• Record Label: Quality Control
  • Release Date: Mar 9, 2018

Critic Reviews

  • User Reviews
  • Details & Credits

Mixed or average reviews - based on 70 Ratings

  • Positive: 28 out of 70
  • Mixed: 16 out of 70
  • Negative: 26 out of 70

Review this album

Lil Boat 2 Image

Please sign in or create an account before writing a review.

  • Check box if your review contains spoilers
  • Check Spelling
  • Most helpful
  • 1 of 1 users found this helpful
  • All this user's reviews
  • 4 of 5 users found this helpful
  • 3 of 4 users found this helpful
  • 2 of 3 users found this helpful
  • 1 of 2 users found this helpful
  • 0 of 1 users found this helpful
  • 0 of 0 users found this helpful

Awards & Rankings

Essential links.

  • New & Recent Releases A-Z by Artist
  • New & Recent Releases by Date
  • Upcoming Release Calendar
  • 2023 High Scores
  • Best Albums of the Decade
  • All-Time High Scores
  • A-Z Index of Artists
  • Best Albums of 2023 at Midyear

Mixed or average reviews - based on 8 Critic Reviews

  • Positive: 1 out of 8
  • Mixed: 7 out of 8
  • Negative: 0 out of 8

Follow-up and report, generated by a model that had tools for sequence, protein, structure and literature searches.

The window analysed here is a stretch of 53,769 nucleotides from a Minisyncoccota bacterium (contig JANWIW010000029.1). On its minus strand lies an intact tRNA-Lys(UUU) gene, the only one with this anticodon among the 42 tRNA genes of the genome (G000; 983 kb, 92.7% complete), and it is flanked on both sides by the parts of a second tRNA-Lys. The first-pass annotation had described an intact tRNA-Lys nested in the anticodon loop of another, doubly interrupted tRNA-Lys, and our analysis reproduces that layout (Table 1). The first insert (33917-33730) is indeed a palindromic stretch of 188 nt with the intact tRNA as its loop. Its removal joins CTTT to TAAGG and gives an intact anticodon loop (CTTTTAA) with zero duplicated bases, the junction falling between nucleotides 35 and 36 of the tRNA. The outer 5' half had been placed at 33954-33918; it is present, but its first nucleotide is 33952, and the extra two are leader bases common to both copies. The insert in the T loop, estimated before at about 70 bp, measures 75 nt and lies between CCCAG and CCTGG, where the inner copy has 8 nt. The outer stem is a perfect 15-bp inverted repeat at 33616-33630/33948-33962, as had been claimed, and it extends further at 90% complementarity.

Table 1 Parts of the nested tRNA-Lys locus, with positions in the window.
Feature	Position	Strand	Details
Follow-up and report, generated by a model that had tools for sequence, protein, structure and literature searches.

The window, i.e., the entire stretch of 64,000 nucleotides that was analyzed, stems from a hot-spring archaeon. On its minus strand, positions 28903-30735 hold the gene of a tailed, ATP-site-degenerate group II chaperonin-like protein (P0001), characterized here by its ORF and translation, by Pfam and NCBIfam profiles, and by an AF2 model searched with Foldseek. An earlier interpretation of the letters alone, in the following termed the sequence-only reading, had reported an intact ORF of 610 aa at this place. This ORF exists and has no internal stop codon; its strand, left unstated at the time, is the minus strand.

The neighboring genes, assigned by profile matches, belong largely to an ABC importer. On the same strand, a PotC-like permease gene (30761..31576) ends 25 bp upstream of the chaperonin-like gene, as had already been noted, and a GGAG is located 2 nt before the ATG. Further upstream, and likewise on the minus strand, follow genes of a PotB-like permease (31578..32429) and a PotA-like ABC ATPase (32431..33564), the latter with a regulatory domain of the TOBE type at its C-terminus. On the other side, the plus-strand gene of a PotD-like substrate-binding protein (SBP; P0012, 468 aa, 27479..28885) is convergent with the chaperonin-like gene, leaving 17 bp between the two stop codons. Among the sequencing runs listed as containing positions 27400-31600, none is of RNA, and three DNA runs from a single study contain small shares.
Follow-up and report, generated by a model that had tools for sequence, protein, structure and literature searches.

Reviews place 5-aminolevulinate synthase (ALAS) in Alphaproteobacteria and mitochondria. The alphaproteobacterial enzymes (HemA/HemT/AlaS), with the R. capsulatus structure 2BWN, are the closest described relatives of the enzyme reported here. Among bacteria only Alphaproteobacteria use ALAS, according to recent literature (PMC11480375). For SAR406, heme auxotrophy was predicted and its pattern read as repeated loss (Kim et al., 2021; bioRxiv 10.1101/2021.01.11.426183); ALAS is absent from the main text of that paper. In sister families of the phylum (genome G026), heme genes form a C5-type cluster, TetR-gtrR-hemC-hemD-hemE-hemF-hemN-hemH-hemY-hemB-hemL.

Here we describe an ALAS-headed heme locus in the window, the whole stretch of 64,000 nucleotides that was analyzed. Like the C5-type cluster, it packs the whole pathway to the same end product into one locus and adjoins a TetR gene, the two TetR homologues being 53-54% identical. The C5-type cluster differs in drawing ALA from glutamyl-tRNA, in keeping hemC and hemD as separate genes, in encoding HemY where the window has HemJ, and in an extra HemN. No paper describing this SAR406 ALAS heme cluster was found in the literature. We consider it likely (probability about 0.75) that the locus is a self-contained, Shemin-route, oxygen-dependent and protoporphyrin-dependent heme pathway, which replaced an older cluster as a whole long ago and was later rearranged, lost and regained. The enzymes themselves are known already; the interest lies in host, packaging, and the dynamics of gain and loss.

• AllMusic Dec 11, 2018 40 There's an abundance of low-wattage boasts about financial and libidinal surpluses, most of which could have been composed by a generator. Softer and more melodic cuts are indicated with all-lowercase track titles. ... If Yachty can find a way to be his goofy self and elevate his writing, he can rebound. Read full review
  • HipHopDX Mar 22, 2018 62 Lil Boat 2 is a simply a weird musical vacation that sets sail into the strange mind of the impactful red-haired youngster. Read full review
  • Spin Mar 16, 2018 40 Despite these moments [“NBA YoungBoat” and “66”], it’s disheartening that virtually every lyric from Yachty on Lil Boat 2 is wholly unmemorable. Read full review

an image, when javascript is unavailable

  • facebook-rs

How Lil Yachty Got His Second Act

By Jeff Ihaza

Until the pandemic, Lil Yachty never stopped to think about how quickly he became famous. “It was a full year from walking across the stage in high school to then I’m in this penthouse in midtown Atlanta , I got this G-wagon, put my mother in a house,” Yachty explains. “It’s a fast life. You not ever getting the chance to think about a lot of shit.”